Array of point to arrays of different size

Discussion in 'C++' started by Edward Jensen, Nov 14, 2008.

  1. Hi,

    I have the following static arrays of different size in a class:

    in header:
    static double w2[2], x2[2];
    static double w3[3], x3[3];
    static double w4[4], x4[4];

    in GaussLegendre.cpp:
    double GaussLegendre::w2[2] = {1.0, 1.0};
    double GaussLegendre::x2[2] = {-0.577350269189625, 0.577350269189625};
    double GaussLegendre::w3[3] = {0.555555555555556, 0.8888888888888889,
    0.555555555555556};
    double GaussLegendre::x3[3] = {-0.774596669241483, 0.0, 0.774596669241483};
    double GaussLegendre::w4[4] = {0.347854845137453, 0.652145154862546,
    0.652145154862546, 0.347854845137453};
    double GaussLegendre::x4[4] = {-0.861136311594053, -0.339981043584856,
    0.339981043584856, 0.861136311594053};

    Now I want to create a static array of pointers of x2, x3, x4 and w2,w2,w4.
    I thought I could do that with just
    declaring statis double* x[3] in my header and the following in .cpp:

    double* GaussLegendre::x[3] = {&GaussLegendre::x2, &GaussLegendre::x3,
    &GaussLegendre::x4};

    but I get the following error: cannot convert from 'double (*)[2]' to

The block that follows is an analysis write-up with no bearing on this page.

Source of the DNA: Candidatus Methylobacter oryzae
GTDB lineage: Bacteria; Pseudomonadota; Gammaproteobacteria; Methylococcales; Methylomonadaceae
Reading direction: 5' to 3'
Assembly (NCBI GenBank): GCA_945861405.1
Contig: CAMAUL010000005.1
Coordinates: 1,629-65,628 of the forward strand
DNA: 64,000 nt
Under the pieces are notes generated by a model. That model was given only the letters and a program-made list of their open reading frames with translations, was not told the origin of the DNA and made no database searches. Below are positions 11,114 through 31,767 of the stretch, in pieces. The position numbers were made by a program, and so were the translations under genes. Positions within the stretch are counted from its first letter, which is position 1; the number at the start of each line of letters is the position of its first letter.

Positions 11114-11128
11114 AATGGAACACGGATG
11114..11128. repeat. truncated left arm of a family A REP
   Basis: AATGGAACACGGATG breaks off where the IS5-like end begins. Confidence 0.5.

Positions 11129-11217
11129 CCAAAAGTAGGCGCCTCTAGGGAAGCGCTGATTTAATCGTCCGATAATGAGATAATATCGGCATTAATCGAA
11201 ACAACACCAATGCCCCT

'double *

    Why is that and how can it be done?

    Thanks in advance,
    Edward
     
    Edward Jensen, Nov 14, 2008
    #1
    1. Advertising

  2. Edward Jensen

    Salt_Peter Guest

    On Nov 14, 4:57 pm, "Edward Jensen" <> wrote:
    > Hi,
    >
    > I have the following static arrays of different size in a class:
    >
    > in header:
    > static double w2[2], x2[2];
    > static double w3[3], x3[3];
    > static double w4[4], x4[4];
    >
    > in GaussLegendre.cpp:
    > double GaussLegendre::w2[2] = {1.0, 1.0};
    > double GaussLegendre::x2[2] = {-0.577350269189625, 0.577350269189625};
    > double GaussLegendre::w3[3] = {0.555555555555556, 0.8888888888888889,
    > 0.555555555555556};
    > double GaussLegendre::x3[3] = {-0.774596669241483, 0.0, 0.774596669241483};
    > double GaussLegendre::w4[4] = {0.347854845137453, 0.652145154862546,
    > 0.652145154862546, 0.347854845137453};
    > double GaussLegendre::x4[4] = {-0.861136311594053, -0.339981043584856,
    > 0.339981043584856, 0.861136311594053};
    >
    > Now I want to create a static array of pointers of x2, x3, x4 and w2,w2,w4.
    > I thought I could do that with just
    > declaring statis double* x[3] in my header and the following in .cpp:
    >
    > double* GaussLegendre::x[3] = {&GaussLegendre::x2, &GaussLegendre::x3,
    > &GaussLegendre::x4};
    >
    > but I get the following error: cannot convert from 'double (*)[2]' to
    > 'double *
    >
    > Why is that and how can it be done?
    >
    > Thanks in advance,
    > Edward


    You can point to a double using a double*, you certainly can't point